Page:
A decade after 2011, Scottish voters now face another election in which independence is central. The SNP and the Scottish Greens propose to hold a new independence referendum from 2021 to 2026 in the next parliamentary term. The Scottish Conservatives, Labor Party and Liberal Democrats are opposed to such a referendum. According to poll Last few months The SNP should clearly win the election. However, the deciding factor is how strong the victory is and what impact the election will have on the discussion of a new referendum.

The themes of Europe and independence were unbroken.

Following the British decision to leave the European Union, the Scottish Government, which had been permanently formed by the SNP since 2007, brought into play the possibility of a new independence referendum. The head of the national government, Nicola Sturgeon, said about him First speech Following the Brexit referendum, a Scottish referendum is “on the table”. Your statement ended promiseTo forward this vote by the end of 2023. However, the scheme is currently controversial at two different levels:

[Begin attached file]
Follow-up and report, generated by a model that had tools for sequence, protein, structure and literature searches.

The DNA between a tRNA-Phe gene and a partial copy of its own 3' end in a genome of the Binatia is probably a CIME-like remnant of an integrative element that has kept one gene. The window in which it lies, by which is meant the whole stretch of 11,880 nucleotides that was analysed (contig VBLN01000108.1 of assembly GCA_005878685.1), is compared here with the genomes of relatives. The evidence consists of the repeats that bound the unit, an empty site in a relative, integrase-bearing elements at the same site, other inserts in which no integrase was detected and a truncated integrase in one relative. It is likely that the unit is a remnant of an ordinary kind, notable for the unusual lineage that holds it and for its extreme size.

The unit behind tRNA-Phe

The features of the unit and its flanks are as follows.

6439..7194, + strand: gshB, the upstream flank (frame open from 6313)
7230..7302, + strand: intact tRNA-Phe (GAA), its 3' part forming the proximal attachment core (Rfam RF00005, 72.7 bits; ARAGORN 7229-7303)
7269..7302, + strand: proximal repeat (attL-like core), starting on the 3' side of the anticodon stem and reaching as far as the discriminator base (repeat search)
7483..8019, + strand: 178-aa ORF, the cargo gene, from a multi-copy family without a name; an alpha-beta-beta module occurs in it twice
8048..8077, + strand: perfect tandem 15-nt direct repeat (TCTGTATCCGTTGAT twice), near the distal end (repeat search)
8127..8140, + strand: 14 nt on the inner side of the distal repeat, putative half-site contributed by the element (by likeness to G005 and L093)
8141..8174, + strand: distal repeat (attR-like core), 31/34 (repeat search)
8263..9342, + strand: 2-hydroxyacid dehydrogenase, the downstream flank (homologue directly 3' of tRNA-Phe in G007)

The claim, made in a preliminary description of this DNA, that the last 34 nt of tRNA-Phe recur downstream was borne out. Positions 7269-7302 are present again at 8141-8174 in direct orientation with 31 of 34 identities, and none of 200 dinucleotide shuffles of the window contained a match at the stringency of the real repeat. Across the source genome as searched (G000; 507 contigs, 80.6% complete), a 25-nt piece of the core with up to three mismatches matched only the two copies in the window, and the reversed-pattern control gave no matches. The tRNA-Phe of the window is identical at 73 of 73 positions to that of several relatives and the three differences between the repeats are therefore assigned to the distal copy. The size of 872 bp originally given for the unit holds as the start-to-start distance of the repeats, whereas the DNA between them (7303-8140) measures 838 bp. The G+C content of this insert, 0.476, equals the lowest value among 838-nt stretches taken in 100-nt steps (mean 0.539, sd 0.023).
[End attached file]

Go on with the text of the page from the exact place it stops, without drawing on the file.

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The first level of these is the Government of Britain. Nicola Sturgeon has twice tried to convince the unworthy British Prime Ministers to approve a new referendum – Theresa May in March 2017 and Boris Johnson in December 2019. In both cases there was no negotiation between the two governments. End of 2019 Requested Sturgeon has a dialogue on the subject in Johnson, which he wrote in early 2020 refused. In practice, this remains a deadlock.